It’s hard to miss “official” rating differentials between BB & B rated credits of ~20%, across all three of our High Yield Composites (see: “MDY – S&P” in the following table).

For example, in our Broad High Yield Composite, Moody’s rates 23% of the portfolios market value of credits “BB” 1/2 the 45% “BB” weight relying on S&P ratings!  Note: The majority of the BB “differential” is reversed in the respective single-B weights, but the CCC differential is still significant, to us.

Before we disparage the rating agencies (and we will) we’ll admit there are probably methodical arguments why S&P sees BB’s everywhere, while Moody’s operates in a sea of B’s. Nevertheless, it seems prudent to keep the holiday parties of these two agencies separate; the risk of heated argument seems too high! 

The serious purpose to pointing out the great divergence between the two primary ratings of corporate bonds: For over 20 years we have found BOTH ≈ useless as credit risk assessments.

HOWEVER, “useless” can be very “useful” since a large number of high yield managers (aka competitors) put significant weight on “official” ratings. The more other investors make investment decisions based on Moody’s and/or S&P ratings, the greater our chance of identifying mispriced credit risk.

The following are just three examples each, of credits we cover* that demonstrate “Over-Rating” or “Under-Rating” by Moody’s and Standard & Poor’s:

* For illustrative purposes only.  Reference to the names of each company mentioned in this communication is merely for explaining our research process, and should not be construed as investment advice or investment recommendation of those companies. Companies mentioned herein may or may not form part of the holdings of First State Investments.

Our internal “Risk Group” rating is meant to be real-world accurate & timely; and it’s the single most important credit judgment we make in implementing our investment process.

Interestingly, a client requested we “assign” rating agency nomenclature equivalent to our numerical Risk Groups, so we utilized a “notching” scale to accommodate that request. The result is an “S&P” formatted equivalent “rating” for each of our numerical risk groups. It’s unnecessary, but may be an easy optical comparison to the views of Moody’s and S&P.

Proprietary FSI High Yield Risk Groups:

For over 20 years, we have adhered to a proprietary “risk categorization” methodology that has served us well through multiple, full credit cycles.

We categorize every credit to 1 of 4 ** “Risk Groups” based on our estimate of its annual default risk, which is a function of: (1) Asset Coverage, (2) Volatility of free-cash-flow, and (3) Relative “Strategic Value”

(1)  Asset Coverage is defined as our proprietary calculation of an issuer’s Asset Value (EV), divided by the total forecasted amount of debt, plus debt-equivalent obligations at the relevant issuing entity (obligor).

The ultimate goal of our Asset Value estimate is to accurately forecast the enterprise value that would be realized through an organized “real-world” Auction Process, in a less than ideal operating environment.  Asset Value is typically calculated using multiple valuation methodologies; the primary methods estimate the present value of a company’s forecasted free cash flow generating capability.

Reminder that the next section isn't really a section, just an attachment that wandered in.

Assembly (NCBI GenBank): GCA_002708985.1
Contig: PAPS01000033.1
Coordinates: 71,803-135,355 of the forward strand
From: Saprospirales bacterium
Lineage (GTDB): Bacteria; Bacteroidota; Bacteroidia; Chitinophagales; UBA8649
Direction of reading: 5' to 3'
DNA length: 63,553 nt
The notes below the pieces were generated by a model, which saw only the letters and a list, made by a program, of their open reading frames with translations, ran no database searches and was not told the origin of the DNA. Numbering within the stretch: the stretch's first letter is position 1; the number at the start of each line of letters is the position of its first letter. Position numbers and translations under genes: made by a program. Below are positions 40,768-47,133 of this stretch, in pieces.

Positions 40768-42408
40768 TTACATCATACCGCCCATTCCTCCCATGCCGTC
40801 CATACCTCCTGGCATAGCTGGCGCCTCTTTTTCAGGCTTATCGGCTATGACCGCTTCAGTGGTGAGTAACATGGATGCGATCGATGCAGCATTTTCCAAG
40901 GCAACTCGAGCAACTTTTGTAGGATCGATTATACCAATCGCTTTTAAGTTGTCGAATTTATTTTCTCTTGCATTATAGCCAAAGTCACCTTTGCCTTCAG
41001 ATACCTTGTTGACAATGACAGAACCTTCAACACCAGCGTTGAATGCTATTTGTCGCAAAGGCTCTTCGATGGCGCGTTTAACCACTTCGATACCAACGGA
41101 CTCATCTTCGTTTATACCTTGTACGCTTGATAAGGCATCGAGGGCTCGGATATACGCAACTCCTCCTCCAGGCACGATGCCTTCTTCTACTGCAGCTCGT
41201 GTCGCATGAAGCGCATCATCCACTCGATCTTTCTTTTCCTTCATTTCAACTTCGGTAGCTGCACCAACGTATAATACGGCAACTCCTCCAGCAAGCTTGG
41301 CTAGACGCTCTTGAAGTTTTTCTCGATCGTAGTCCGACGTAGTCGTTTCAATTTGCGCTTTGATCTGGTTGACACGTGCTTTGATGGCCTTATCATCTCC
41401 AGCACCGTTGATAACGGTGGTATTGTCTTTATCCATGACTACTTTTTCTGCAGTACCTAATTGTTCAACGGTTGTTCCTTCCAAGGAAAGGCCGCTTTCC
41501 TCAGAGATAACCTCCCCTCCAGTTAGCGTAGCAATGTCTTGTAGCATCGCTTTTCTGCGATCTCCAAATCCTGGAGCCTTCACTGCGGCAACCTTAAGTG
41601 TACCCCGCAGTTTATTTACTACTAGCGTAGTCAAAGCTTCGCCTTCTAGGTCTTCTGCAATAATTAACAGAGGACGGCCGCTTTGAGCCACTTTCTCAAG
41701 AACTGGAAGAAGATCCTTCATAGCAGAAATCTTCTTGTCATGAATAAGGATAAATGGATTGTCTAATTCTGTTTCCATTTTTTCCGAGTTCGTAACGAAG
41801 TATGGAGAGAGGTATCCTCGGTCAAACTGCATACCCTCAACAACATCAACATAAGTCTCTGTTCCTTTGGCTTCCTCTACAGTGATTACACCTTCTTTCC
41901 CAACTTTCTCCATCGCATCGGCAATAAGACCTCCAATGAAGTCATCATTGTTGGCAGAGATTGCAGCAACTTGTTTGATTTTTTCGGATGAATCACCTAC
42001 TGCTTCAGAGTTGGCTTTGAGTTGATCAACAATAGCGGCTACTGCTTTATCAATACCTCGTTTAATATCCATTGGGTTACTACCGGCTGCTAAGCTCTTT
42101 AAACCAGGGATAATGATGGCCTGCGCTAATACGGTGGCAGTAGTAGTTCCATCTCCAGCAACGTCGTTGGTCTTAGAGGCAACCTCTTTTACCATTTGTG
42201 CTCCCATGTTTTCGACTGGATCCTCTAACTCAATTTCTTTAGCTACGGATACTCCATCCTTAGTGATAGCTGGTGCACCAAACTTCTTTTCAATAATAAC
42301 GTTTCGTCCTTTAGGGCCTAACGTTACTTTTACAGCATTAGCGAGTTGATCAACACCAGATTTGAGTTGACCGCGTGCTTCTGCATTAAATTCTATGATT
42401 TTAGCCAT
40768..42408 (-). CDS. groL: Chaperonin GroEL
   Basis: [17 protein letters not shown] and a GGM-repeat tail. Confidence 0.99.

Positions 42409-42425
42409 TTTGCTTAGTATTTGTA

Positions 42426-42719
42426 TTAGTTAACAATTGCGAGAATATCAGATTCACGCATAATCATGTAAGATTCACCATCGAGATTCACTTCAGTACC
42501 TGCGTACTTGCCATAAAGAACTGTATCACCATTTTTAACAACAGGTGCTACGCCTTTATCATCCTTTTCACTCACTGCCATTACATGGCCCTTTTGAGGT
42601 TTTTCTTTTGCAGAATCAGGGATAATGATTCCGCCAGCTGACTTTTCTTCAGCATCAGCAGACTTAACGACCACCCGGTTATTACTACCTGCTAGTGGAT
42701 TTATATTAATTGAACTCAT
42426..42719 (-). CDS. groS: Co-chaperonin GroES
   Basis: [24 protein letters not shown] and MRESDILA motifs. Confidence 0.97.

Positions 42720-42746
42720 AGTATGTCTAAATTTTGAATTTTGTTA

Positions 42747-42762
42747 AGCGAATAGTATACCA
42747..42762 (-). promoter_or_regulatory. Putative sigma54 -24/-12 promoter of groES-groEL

(2) Volatility of a company’s free-cash-flow relative to its industry and the greater economic cycle.

(3) “Strategic Value” is the relative strategic significance of a company in its industry sector: relative market shares, relative cost positions or other sustainable competitive advantages (barriers to entry). Without getting into details, there are numerous other qualitative fundamental assessments that can further safeguard against default risk, (management &, protective covenants).

** Note: Risk Groups 1 to 3 each have 3-sub-ratings of “Strong”, “Neutral” & “Weak” as in: 1.0 = “Strong Group 1”, 1.3 = “Neutral Group 1” & 1.6 = “Weak Group 1” and, correspondingly & RG 2.0, 2.3, 2.6 & RG 3.0, 3.3, 3.6

Q4’18 Commentary*

 

 

Securities discussed are the largest positive and negative contributors for each strategy.


Broad High Yield

Sector & Issuer Commentary

Positive Contributors (top three):

Endeavor Energy Resources (ENDENR):  Endeavor bonds outperformed in the 4th quarter due to market speculation that the company is for sale.  It was reported in October that the company was exploring a sale after getting takeover interest, and it was further reported in December that Shell is the likely buyer for the company, which controls more than 300,000 acres in the Permian Basin.  With high quality acreage and <$1bn of net debt against an asset value of $10bn+, we’ve liked the bonds as a defensive energy holding, and the bump in prices related to a possible takeout has been a pleasant surprise in an otherwise difficult energy trading environment.

Asurion (ASUCOR):  Asurion term loans outperformed during the 4th quarter due to the company’s defensive business model coupled with the term loans’ above market yields.  Asurion’s defensive business profile is underpinned by its recurring, subscription-based, revenue model, strong margins and free cash flow conversion.  Asurion term loans offer high yields due to the company’s elevated leverage, but we remain comfortable with the company’s balance sheet given our assessment that the company has robust asset value and healthy free cash flow generation.  In early November, Asurion reported strong 3Q results with EBITDA generation that handily beat management’s budget and meaningful sequential deleveraging.